In movies, porn, and on the Internet, the message is that first-class sex involves spontaneous erections, intercourse, and orgasm, and is mind-blowingly wonderful. A great fantasy which has nothing to do with real-life couple sexuality. I tell my clients if they have Hollywood sex once a month, they beat 95% of American couples.
An intimidating expectation is that anything other than perfect sex performance (erection, intercourse, and orgasm for the man and orgasm, preferably during intercourse, for the woman) means there is something wrong with you or your relationship. By that definition there is something sexually wrong with most…
I just finished teaching an undergraduate Psychology of Human Sexuality course, filled with well over 100 interesting and interested college students. The vast majority of these students entered the course with a vast amount of misinformation about sex. In fact, a goal of my course is to help students evaluate the images and messages they have learned through the media (e.g., television, movies, and internet) against scientific information about sexuality.
Nowhere is the gap between media images and reality greater than in the realm of women’s orgasms. Media images (including porn images and mainstream movies) portray women as..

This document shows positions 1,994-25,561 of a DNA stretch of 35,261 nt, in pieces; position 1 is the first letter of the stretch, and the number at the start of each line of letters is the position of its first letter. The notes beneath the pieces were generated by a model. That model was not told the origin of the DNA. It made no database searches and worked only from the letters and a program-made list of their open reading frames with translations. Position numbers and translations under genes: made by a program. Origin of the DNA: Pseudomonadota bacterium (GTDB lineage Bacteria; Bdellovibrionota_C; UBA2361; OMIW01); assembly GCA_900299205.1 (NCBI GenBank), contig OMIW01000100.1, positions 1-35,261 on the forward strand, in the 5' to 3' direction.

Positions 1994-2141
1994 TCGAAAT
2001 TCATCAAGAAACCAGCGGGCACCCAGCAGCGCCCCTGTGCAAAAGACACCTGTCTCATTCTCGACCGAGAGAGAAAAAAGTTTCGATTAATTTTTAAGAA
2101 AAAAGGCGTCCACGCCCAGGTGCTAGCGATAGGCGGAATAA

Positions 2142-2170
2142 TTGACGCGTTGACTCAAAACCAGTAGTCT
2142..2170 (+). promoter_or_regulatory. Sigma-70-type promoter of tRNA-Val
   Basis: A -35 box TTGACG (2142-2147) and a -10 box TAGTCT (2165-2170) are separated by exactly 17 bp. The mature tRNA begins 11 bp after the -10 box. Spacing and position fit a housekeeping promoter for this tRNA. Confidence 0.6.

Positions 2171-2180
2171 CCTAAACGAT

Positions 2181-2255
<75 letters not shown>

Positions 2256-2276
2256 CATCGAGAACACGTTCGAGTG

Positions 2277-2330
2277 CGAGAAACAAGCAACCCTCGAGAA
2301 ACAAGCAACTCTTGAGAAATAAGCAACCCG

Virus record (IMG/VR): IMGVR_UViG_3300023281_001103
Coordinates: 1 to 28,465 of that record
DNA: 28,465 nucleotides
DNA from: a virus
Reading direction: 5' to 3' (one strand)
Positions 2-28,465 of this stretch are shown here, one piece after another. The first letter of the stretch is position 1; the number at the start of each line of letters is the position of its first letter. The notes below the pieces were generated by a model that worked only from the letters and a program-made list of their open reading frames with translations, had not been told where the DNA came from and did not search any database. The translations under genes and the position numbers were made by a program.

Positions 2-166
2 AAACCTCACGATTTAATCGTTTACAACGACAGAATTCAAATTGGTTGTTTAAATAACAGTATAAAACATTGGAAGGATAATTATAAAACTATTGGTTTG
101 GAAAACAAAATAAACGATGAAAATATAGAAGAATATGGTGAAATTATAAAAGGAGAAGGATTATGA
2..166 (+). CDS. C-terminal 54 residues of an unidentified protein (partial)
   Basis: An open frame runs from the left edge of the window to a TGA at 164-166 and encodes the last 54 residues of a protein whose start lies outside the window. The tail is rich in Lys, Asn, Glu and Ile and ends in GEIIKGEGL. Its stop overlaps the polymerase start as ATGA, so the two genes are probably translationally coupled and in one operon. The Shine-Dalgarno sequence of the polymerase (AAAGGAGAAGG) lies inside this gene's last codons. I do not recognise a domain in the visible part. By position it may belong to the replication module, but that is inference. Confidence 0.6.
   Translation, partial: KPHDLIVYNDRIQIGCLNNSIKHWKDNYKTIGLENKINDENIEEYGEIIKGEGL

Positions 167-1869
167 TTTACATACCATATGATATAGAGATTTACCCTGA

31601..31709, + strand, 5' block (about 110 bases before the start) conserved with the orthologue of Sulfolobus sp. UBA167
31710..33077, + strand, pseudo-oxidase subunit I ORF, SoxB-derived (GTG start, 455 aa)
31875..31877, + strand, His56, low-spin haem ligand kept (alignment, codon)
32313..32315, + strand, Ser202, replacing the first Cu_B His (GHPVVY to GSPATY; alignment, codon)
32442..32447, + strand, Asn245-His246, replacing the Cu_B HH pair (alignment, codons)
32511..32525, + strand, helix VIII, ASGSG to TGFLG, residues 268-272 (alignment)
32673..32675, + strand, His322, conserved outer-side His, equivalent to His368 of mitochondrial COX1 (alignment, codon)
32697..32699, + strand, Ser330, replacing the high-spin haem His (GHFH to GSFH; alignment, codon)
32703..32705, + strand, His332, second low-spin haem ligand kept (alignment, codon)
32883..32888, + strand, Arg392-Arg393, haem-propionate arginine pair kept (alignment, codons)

To understand why women have orgasms, let’s begin with a related question: Why do men have them?
In evolutionary terms, the answer is simple. The biological purpose of life is to reproduce life, to send one’s genes into the next generation. That can’t happen without insemination. However, insemination takes energy. Men must find and woo cooperative women, or if women are uncooperative, some men expend energy doing the despicable. The exertion required deters the toil. But men who feel motivated to inseminate gain a natural-selection advantage. So orgasm evolved to compensate men for their energy investment…
If you’re in a long-term relationship, you probably remember the early “honeymoon period”—those first few months when you couldn’t get enough of each other (and maybe couldn’t keep your hands off each other). But, if you’re like most couples, your sex life has changed between then and now. In fact, it’s likely that there are (more) times in your relationship when one of you wants to have sex, but the other is not in the mood.
In a new set of studies, my colleagues and I looked at how couples manage these situations when..
When we seek help for a mental health condition, we can expect to hear about various medications and treatment options, but what’s often missing from the conversation is any talk of lifestyle changes. In a recent University of Illinois study(link is external), about half of those with symptoms of mental illness reported that they failed to receive any wellness advice from their health care provider.
That’s a lamentable oversight because lifestyle changes things as simple as nutrition and exercise(link is external) can have a significant impact on quality of life for those dealing with…